In chapter 7 Louis B. Gallien Jr. explores the Pentecostal foundations of three secular music icons with deep roots in African American Pentecostalism: Sam Cooke, Marvin Gaye, and Donny Hathaway. In this provocative chapter, Gallien relates the experience of these superstars’ crossover from the gospel music that was an integral part of their young lives in the church to rhythm and blues, which catapulted them to success in the secular arena. He uses the stories of their experiences to shed light on the complicated themes of sexuality and spirituality within the black Pentecostal movement. Drawing on the scholarship of Michael Eric Dyson, Gallien contends that other scholars have often neglected these issues and thereby failed to critically address the intersection of these two themes. He further suggests that healthy dialogue in this area is essential for developing strategies to ensure the life and relevancy of the movement. This chapter allows us to see how Afro-Pentecostal beliefs—in this case about “the world” and about culture—here were challenged and expanded through the social and upward mobility of its members.
Part III addresses ethical concerns that black Pentecostal culture and spirituality raise within contemporary American society. By grappling with the often taboo subjects of sexuality, money, and race, the two contributors (p.14) in this section deal candidly with an integral part of the human reality that black Pentecostals, like all other Christians as well as every human person, must navigate. Their insights suggest that even deeper discussions in these areas would be enormously fruitful for further scholarship.
The ethicist Cheryl J. Sanders’s chapter 8 speaks to the ethical, political, and ecclesiological significance of Pentecostal preaching with particular attention to two perceived polarities: the prosperity gospel and the social gospel. It looks at the role of ethics in African American Pentecostal preaching’s embrace and promotion of the prosperity gospel, which emphasizes God’s will for the believer to become wealthy through faith. Sanders questions whether pastors who nurture their flocks with this message have neglected the social ethical message of the biblical prophets as advocates for the rights of the poor. If so, many African American Pentecostal preachers are abandoning the struggle for social justice, accepting the strings attached to faith-based government funding for their community development programs, and buying into the divisive family values discourse crafted by political conservatives. She further points to signs that the discourse is changing and strategies are shifting through a resurgence of prophetic activism among some black Pentecostal pastors, ministers, and community leaders who have maintained their theological conservatism while adapting a more effective, liberal social ethic, which is attractive to younger Pentecostals who desire a more socially relevant spirituality. Finally, Sanders implores African American Pentecostals to retrieve the biblically based message of advocacy for the poor and to resist conforming themselves to the worldly strategies of consumerism, simplistic multiculturalism, and political conservatism implicit in the prosperity gospel. Thus this chapter attempts to retrieve the prophetic praxis of a previous generation while calling attention to contemporary discursive practices, which are deemed to be a departure from and at odds with the more historic Black Church tradition.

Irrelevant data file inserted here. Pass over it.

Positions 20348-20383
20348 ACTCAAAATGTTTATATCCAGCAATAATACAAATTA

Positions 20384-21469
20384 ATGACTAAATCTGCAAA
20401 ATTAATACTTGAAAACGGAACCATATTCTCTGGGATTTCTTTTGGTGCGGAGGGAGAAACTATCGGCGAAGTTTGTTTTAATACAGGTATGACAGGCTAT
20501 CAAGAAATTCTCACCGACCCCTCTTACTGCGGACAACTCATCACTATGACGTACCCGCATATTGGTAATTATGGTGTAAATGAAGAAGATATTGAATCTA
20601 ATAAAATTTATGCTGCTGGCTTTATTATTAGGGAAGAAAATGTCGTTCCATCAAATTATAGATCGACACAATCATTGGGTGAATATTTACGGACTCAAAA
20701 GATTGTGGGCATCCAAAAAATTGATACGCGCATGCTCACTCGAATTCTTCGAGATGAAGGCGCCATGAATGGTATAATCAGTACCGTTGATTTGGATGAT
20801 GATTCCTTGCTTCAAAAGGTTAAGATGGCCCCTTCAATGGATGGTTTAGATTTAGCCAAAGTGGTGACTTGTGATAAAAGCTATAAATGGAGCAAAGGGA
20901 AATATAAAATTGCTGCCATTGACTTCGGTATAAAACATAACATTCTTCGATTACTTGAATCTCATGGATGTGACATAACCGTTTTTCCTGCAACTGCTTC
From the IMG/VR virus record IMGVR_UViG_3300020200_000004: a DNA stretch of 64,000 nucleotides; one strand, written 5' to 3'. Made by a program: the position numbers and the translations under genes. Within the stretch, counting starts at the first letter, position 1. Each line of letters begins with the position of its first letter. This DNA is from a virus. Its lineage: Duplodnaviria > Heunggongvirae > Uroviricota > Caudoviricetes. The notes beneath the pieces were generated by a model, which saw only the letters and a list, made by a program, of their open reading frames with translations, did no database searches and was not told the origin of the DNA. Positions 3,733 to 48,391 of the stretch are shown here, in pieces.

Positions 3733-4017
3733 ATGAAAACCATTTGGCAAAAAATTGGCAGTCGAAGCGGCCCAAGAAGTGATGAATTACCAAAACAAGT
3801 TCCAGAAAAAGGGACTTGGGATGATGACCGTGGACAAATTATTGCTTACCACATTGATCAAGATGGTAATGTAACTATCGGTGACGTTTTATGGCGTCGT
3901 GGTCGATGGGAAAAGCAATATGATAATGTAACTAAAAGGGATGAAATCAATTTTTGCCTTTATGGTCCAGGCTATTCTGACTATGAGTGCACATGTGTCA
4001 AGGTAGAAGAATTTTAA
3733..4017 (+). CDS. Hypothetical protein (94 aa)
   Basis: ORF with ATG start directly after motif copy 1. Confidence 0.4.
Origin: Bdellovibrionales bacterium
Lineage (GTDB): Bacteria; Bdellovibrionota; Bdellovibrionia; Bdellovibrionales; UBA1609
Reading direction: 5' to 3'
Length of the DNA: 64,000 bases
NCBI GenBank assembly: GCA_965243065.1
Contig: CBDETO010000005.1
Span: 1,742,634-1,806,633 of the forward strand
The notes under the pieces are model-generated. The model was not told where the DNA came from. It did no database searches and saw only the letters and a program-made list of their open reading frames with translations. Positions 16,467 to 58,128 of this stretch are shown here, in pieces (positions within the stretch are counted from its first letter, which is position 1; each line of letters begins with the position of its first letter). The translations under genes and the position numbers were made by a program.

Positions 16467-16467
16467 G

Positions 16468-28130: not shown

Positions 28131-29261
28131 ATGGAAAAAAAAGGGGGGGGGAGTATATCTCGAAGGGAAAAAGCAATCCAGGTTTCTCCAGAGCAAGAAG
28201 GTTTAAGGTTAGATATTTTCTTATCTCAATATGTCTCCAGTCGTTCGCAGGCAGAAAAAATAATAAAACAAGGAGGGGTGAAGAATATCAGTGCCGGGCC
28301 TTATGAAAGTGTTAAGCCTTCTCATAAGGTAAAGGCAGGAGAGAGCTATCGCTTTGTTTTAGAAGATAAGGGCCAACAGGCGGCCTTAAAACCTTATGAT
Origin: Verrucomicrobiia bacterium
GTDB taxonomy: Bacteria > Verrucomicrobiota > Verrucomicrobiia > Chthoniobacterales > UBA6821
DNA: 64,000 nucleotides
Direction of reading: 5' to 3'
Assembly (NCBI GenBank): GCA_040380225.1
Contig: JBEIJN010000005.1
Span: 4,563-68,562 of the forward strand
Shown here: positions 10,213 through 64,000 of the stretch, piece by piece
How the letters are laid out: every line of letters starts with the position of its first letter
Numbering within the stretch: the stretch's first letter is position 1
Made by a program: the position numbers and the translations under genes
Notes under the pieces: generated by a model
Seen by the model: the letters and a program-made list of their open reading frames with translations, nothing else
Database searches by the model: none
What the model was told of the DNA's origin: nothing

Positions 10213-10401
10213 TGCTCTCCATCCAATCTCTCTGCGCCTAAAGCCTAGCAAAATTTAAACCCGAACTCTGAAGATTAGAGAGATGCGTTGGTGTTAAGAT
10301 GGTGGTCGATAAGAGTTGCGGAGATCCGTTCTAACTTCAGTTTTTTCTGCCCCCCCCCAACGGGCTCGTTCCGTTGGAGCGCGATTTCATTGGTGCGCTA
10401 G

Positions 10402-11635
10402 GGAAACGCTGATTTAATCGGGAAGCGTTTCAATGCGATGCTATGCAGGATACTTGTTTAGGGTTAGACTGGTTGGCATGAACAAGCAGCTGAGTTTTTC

Another ethicist, Leonard Lovett, uses the theological genre of the autobiographical essay to look back over his long career as a Pentecostal scholar, churchman, and social activist. Chapter 9 highlights the influence of the scholars who helped shape Lovett’s socio-political thought in order to shed light on how racial dynamics within the Pentecostal academy have mirrored concerns found in other segments of the movement. It also provides insight into how some Afro-Pentecostal scholars were able to appropriate the guidance received through mentoring relationships with prominent scholars, and through studying the works of more liberal scholars, were enabled to engage in intellectual dialogue in the classroom and be involved in academic consultations to help frame a response to the racism they encountered within the (p.15) movement. At the same time, Lovett candidly forces open a discourse that compels those within the movement to confront questions regarding the racial injustice still visible within the Pentecostal church and academy, as reflected in his rejection by white Pentecostal scholars and exclusion from recent reference works on the movement. Lovett’s chapter is itself an illuminating discussion of the shifting discourses of Afro-Pentecostalism even when limited to the generation since its emergence in the theological academy.